We chose to attach the sensor parallel to the zipper on the front of the hoodie and use the drawstring to perform the sliding action. Yes, you can install the sensor along a zipper and use the zipper pull as the slider, which would couple the temperature control action of zipping and unzipping the hoodie with the LED color change effect. For simplicity of demonstration, we've kept them separate. 

We placed GEMMA just inside the front lapel of the hoodie. This hoodie has a front facing along the inside edge, and you could easily hide GEMMA completely inside. Again for simplicity of showing you, we've left it visible on the outside of the facing.

Cut the sensor's ribbon into two pieces. We'll use one as the pull tab and one to slide along.

Use a needle and thread (knotted at the end) to gather up the stitches at one end of the slide-along piece and thread it through the small end of the charm that comes with the soft potentiometer. It's a snug fit, so you may need to try a few times.

To attach the pull tab, stitch the other piece of ribbon to the large loop on the charm. You can use regular thread for this if you wish, but conductive thread won't hurt. Cinch the ribbon to the charm tightly for a stable electrical signal.

Stitch the other end of the pull tab ribbon to the outlet of the hoodie's drawstring, then back to the pad marked A1 (also D2) on GEMMA. Refer to the circuit diagram.

Next stitch down both ends of the slide-along ribbon using conductive thread and connect them to GEMMA 3V and GND according to the circuit diagram using a running stitch.

For the far-away end, you can stitch along the inside of the facing to insulate your stitches.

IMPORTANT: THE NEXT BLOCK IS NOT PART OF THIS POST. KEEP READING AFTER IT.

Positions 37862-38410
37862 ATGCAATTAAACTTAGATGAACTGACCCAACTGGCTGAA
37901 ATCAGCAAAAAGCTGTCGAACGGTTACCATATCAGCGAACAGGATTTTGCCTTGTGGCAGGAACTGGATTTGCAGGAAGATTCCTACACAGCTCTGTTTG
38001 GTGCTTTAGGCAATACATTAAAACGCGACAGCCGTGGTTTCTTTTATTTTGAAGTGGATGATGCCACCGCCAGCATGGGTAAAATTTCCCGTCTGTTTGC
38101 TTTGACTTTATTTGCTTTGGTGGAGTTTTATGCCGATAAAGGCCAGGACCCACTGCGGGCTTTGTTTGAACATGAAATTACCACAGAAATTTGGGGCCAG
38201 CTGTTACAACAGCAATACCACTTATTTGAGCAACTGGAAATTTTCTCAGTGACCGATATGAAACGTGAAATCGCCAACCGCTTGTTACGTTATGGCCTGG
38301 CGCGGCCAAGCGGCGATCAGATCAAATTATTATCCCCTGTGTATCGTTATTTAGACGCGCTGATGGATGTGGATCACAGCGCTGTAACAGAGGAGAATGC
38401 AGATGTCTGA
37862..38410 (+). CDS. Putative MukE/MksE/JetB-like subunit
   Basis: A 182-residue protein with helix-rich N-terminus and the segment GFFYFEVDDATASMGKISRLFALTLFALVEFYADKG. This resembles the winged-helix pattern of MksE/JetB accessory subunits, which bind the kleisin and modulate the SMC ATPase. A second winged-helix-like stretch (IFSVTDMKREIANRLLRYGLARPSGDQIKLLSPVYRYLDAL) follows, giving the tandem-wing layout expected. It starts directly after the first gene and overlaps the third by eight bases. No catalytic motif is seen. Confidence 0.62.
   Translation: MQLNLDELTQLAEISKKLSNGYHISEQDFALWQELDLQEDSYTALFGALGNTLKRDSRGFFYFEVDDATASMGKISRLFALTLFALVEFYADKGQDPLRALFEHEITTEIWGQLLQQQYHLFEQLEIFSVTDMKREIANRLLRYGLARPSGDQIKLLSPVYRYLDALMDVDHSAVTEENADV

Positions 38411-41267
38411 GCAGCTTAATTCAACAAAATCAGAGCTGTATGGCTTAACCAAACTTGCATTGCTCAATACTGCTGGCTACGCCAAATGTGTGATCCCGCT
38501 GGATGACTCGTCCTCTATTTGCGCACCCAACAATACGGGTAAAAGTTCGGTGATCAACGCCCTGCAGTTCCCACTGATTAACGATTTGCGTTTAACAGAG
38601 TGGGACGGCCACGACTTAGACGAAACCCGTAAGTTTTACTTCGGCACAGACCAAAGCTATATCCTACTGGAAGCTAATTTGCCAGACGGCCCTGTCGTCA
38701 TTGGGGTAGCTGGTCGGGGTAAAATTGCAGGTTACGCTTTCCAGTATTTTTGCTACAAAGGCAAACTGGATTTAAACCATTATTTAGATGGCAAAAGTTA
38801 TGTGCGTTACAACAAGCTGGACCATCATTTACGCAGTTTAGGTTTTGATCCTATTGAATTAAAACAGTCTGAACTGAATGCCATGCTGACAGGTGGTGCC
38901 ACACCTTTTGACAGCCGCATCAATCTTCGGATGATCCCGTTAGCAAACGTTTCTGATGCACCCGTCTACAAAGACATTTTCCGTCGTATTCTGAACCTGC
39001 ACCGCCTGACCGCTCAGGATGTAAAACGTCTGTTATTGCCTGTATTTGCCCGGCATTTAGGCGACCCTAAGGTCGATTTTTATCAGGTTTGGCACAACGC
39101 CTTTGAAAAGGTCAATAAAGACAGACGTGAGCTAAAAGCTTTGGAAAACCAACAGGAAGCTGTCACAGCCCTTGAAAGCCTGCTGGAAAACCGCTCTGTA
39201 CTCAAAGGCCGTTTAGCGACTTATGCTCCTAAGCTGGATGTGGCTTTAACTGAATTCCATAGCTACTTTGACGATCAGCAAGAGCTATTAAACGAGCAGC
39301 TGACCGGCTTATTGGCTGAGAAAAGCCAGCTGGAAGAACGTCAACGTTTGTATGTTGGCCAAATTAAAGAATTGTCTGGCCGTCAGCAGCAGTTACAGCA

When you reach GEMMA, loop around the pad many times and then use the needle to knot the thread at the back or away from the GEMMA pad. Your stitches should be nice and tight to ensure a secure connection and prevent short circuits.

Seal knots by pulling tight and dabbing on a small amount of clear nail polish. A little goes a long way! Try not to get it on the garment itself. Periodically pull the thread tight while it dries, applying more nail polish if necessary to prevent the knots from springing open. 

Do not cut your thread tails until the nail polish is dry and you've tugged them to ensure the knots are secure.

Plug GEMMA into your compute with a USB cable and load up the following code:

//very slightly modified version of Arduino's "AnalogInput" example sketch for testing the textile potentiometer with GEMMA

int sensorPin = 1;    // select the input pin for the potentiometer, analog 1 on GEMMA is digital 2
int ledPin = 1;      // select the pin for the LED, GEMMA has one attached to D1
int sensorValue = 0;  // variable to store the value coming from the sensor

void setup() {
  // declare the ledPin as an OUTPUT:
  pinMode(ledPin, OUTPUT);  

void loop() {
  // read the value from the sensor:
  sensorValue = analogRead(sensorPin);    
  // turn the ledPin on
  digitalWrite(ledPin, HIGH);  
  // stop the program for <sensorValue> milliseconds:
  // turn the ledPin off:        
  digitalWrite(ledPin, LOW);   
  // stop the program for for <sensorValue> milliseconds:

This code uses the changing value of the slide sensor to adjust the blinking speed of GEMMA's onboard LED. Slide the sensor and watch the LED blink faster or slower.

LED not changing blink speed? Unplug and try checking your circuit for shorts, using a multimeter if possible.

Is the blinking speed changing? Great! Now let's add some color changing NeoPixels.

This guide was first published on Feb 11, 2015. It was last updated on Jul 17, 2024.

This page (Prepare and Sew Sensor) was last updated on Feb 10, 2015.

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